Don and Ginger Stuart haven't seen their daughter Krystie in nearly three years. So when someone texted them last week, saying they had Krystie in captivity, the couple was relieved.
"I was hoping it was the real thing, and that we would be seeing our daughter soon," her father Don Stuart said.
The Stuart's had no idea what happened to the 29-year-old after she left a dentist's appointment in Apple Valley in March of 2015. Investigators found her truck out in the middle of the desert, but there had been no trace of her. Finally, they thought they had an answer. Krystie was in Tennessee, and just needed a little money to get out of trouble.
"They were saying Krystie was sick, she needed to go to the hospital," her mother Ginger Stuart said. "They really just preyed on the heartstrings."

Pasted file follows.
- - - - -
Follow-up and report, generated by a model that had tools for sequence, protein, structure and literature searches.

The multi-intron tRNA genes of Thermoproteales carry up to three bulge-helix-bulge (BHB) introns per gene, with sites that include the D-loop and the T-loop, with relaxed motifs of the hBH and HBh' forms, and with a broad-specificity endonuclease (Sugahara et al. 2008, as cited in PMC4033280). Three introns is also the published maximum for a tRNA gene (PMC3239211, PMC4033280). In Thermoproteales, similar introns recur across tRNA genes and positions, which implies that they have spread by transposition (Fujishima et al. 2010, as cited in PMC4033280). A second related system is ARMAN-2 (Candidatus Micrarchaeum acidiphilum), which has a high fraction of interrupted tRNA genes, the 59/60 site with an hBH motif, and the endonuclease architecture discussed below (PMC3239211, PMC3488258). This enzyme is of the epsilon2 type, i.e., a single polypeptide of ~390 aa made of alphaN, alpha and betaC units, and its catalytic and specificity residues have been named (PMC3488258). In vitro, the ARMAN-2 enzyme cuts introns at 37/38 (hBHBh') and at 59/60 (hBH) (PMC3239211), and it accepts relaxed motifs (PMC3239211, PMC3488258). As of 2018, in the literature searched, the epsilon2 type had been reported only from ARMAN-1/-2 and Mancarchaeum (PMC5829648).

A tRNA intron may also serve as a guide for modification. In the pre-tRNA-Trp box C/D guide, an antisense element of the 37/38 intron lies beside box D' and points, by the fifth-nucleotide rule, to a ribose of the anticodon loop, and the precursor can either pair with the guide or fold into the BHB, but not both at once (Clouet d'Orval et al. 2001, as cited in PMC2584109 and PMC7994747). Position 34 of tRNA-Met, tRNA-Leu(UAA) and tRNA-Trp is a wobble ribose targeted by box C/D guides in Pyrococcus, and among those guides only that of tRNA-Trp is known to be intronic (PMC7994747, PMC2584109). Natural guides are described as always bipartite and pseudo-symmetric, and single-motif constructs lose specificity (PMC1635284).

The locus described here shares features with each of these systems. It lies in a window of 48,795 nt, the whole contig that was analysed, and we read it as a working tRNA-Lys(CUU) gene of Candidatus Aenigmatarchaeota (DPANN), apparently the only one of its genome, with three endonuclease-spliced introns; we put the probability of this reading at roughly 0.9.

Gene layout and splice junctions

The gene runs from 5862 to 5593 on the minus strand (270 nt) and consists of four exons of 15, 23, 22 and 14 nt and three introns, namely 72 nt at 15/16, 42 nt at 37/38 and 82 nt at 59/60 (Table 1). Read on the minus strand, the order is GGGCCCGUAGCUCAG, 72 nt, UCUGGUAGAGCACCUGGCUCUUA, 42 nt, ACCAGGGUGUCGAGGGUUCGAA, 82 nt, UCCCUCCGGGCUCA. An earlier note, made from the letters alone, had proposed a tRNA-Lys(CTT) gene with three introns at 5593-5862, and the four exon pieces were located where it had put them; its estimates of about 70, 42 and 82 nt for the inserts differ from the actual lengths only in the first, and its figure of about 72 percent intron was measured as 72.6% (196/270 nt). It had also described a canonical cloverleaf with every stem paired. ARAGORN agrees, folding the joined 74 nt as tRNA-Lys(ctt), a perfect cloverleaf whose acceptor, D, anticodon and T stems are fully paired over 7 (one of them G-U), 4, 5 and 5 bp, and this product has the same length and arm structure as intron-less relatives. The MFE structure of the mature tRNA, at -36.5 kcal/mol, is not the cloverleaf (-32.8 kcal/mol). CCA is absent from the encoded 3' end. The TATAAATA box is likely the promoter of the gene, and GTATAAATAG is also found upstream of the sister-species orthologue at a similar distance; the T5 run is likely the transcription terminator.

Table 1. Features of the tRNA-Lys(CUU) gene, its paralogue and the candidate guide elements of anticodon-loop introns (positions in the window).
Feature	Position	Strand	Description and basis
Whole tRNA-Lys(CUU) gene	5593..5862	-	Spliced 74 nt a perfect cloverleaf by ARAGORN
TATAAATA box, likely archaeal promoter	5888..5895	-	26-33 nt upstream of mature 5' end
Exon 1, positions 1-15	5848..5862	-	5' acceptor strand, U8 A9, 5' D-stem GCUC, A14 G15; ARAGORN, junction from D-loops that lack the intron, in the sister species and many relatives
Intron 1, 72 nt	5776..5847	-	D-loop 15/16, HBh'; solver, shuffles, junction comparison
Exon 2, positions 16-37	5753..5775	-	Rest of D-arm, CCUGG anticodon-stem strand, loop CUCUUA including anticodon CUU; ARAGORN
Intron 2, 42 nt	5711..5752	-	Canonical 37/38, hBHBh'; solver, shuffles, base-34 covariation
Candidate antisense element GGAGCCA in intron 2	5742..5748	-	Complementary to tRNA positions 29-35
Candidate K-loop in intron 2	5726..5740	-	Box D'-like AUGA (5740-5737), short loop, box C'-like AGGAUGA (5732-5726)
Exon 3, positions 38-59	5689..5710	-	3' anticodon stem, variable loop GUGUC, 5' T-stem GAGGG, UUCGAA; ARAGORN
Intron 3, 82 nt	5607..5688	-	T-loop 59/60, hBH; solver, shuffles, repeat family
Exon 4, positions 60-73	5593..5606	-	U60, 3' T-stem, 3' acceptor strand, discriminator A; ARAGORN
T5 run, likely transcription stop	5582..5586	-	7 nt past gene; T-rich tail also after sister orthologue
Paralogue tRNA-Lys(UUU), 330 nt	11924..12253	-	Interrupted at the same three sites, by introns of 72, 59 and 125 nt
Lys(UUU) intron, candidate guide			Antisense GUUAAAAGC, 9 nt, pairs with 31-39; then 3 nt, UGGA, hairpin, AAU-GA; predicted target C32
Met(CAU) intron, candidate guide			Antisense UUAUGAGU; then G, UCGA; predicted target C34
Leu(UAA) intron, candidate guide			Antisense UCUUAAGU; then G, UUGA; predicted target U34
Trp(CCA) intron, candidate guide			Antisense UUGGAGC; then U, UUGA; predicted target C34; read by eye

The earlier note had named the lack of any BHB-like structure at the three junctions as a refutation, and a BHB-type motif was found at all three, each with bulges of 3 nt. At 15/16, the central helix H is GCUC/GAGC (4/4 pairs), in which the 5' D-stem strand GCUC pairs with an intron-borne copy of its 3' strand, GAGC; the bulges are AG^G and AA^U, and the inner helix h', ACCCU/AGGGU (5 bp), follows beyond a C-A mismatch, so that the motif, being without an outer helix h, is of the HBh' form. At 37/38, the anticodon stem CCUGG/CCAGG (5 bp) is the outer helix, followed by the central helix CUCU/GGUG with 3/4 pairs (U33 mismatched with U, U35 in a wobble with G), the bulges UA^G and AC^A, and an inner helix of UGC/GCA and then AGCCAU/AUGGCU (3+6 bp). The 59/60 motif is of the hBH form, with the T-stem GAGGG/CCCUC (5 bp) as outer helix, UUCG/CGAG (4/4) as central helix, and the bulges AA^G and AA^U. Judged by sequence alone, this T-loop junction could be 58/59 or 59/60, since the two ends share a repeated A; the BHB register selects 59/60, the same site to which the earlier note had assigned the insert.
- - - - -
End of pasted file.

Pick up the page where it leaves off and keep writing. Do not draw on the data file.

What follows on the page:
But when Krystie's parents looked closely at the photo that was sent to them, they realized it had been edited.
"The face was cut out of a picture that's on one of Krystie's flyers," Ginger Stuart said.
Sheriff's investigators traced the texts and found out they had originated in Nigeria. Other families of missing people have also been getting similar messages from scam artists.
"I think it's really low life, just to put it bluntly. It's just really low life," Don Stuart said.
Krystie's parents are disappointed, but not discouraged. They still believe that they'll be reunited with their daughter soon.
"We never give hope, never give up hope," Ginger Stuart said.
The Stuart's have been advised to not put their phone number on any information about their daughter.